Editor's note: Today and everyday through the rest of the week, we'll be posting guest blogs from the news interns who joined us this past summer. We wish them luck on their first week back at school.
by Alex Bregman, NBC Nightly News Summer 2007 Intern, University of Pennsylvania
As I meandered through the construction of NBC News's soon-to-be new digs at 30 Rock and finally made it to Nightly News's temporary office, the first person I met was M.L. Flynn, the senior foreign producer for the broadcast. She heard me walk into the office, looked up from her computer and said, "You look like a new summer intern." I guess I immediately showed my cards. She kindly told me to grab a newspaper and take a seat. Then the phone rang. It was none other than NBC's chief foreign affairs correspondent, Andrea Mitchell, calling from Mexico on her way back from a trip to Cuba. This whole episode was pretty ironic for me considering that last summer it was the opposite. Back then I was in Andrea's office during my internship at NBC's Washington bureau, listening to M.L.'s voice on the phone. I suppose it was listening to those voices in New York that lured me from Washington to 30 Rock—from the center of the political world to the center of the network.
In Washington I learned how a reporter covers a beat. In New York I have learned how all those beats come together to make a broadcast, and it is not as easy as Brian Williams may make it look. At the end of our daily morning editorial meeting the executive producer, Alex Wallace, goes through the stories, saying, "If we had to do the broadcast at 9:30," and writes a preliminary list. Never would that list be the same at 2:30 p.m. at our afternoon editorial meeting and, come time for the actual broadcast, that morning list would sometimes seem like last week's news. The amount of debate that went into the final list of stories, called the "rundown," which was never really final until 6:30 p.m., was one of the most interesting parts of the job this summer.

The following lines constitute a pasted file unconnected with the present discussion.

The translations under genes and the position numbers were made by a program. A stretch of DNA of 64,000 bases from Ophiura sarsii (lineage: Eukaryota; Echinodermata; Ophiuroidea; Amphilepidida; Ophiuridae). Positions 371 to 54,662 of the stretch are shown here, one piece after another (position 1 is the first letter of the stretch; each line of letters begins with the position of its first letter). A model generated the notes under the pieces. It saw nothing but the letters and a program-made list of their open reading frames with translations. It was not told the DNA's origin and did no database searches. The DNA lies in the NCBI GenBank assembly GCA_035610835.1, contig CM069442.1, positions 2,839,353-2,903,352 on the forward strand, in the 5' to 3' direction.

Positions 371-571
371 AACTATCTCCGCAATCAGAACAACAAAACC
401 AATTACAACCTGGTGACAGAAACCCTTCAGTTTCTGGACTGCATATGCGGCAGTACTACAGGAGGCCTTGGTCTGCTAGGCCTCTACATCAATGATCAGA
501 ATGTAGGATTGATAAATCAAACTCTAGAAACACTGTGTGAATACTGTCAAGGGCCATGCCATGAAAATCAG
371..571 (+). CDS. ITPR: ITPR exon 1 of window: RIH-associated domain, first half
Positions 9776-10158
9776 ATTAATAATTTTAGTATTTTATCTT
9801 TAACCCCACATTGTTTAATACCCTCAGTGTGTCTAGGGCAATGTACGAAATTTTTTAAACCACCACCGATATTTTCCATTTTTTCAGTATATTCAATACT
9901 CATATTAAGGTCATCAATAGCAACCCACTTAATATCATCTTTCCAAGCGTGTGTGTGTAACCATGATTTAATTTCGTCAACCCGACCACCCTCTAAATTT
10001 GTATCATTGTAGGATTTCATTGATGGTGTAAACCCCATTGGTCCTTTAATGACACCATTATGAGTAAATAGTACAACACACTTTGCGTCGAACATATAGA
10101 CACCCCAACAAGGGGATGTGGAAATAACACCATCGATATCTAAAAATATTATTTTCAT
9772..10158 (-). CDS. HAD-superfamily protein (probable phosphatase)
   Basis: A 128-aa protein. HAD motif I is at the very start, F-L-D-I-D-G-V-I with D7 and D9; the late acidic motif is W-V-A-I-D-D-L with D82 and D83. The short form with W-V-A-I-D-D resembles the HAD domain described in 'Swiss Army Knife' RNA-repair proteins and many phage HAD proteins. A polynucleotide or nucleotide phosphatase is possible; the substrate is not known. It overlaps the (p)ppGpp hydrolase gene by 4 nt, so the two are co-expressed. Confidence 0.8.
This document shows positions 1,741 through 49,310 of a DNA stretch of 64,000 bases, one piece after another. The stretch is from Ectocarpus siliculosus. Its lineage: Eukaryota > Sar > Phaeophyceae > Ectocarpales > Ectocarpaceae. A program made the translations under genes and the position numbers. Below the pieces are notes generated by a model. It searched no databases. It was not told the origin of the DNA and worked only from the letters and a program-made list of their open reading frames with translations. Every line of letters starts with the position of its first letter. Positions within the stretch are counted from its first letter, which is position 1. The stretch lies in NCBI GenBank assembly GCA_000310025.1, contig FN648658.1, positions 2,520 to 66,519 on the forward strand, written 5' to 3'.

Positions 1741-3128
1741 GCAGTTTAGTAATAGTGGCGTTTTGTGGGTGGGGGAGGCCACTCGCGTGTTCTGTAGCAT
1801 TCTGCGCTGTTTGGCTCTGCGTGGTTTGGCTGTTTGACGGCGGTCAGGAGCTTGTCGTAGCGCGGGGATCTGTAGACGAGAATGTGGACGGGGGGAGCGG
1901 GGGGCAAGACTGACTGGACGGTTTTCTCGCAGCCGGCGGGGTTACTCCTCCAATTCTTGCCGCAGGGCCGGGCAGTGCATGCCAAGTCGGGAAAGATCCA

The most surprising part was probably how eager everyone was to help me out, from Brian down to the desk assistants. Part of my job included running errands or answering phones in the newsroom, but I quickly realized how even the most basic tasks contributed to getting the broadcast on the air every night. This summer I've done everything from getting coffee at 4 a.m. for Brian's exclusive early morning interview with British Prime Minister Gordon Brown to interviewing a cat therapist in the West Village here in New York City for a Lee Cowan report about an ominous cat named Oscar, which has this uncanny ability to predict death at a nursing home in Providence, Rhode Island. (Cowan wouldn't go anywhere near the cat.)
From helping producers get their reports done on deadline, to running scripts and wires to Brian in the studio during the broadcast, to helping senior investigative producer Bob Windrem track everything from trouble in the NBA to Al Qaeda, it was one incredible summer, and as much as I do not want my college days to end, the world of television news does not seem like a bad world to work in after those days are over.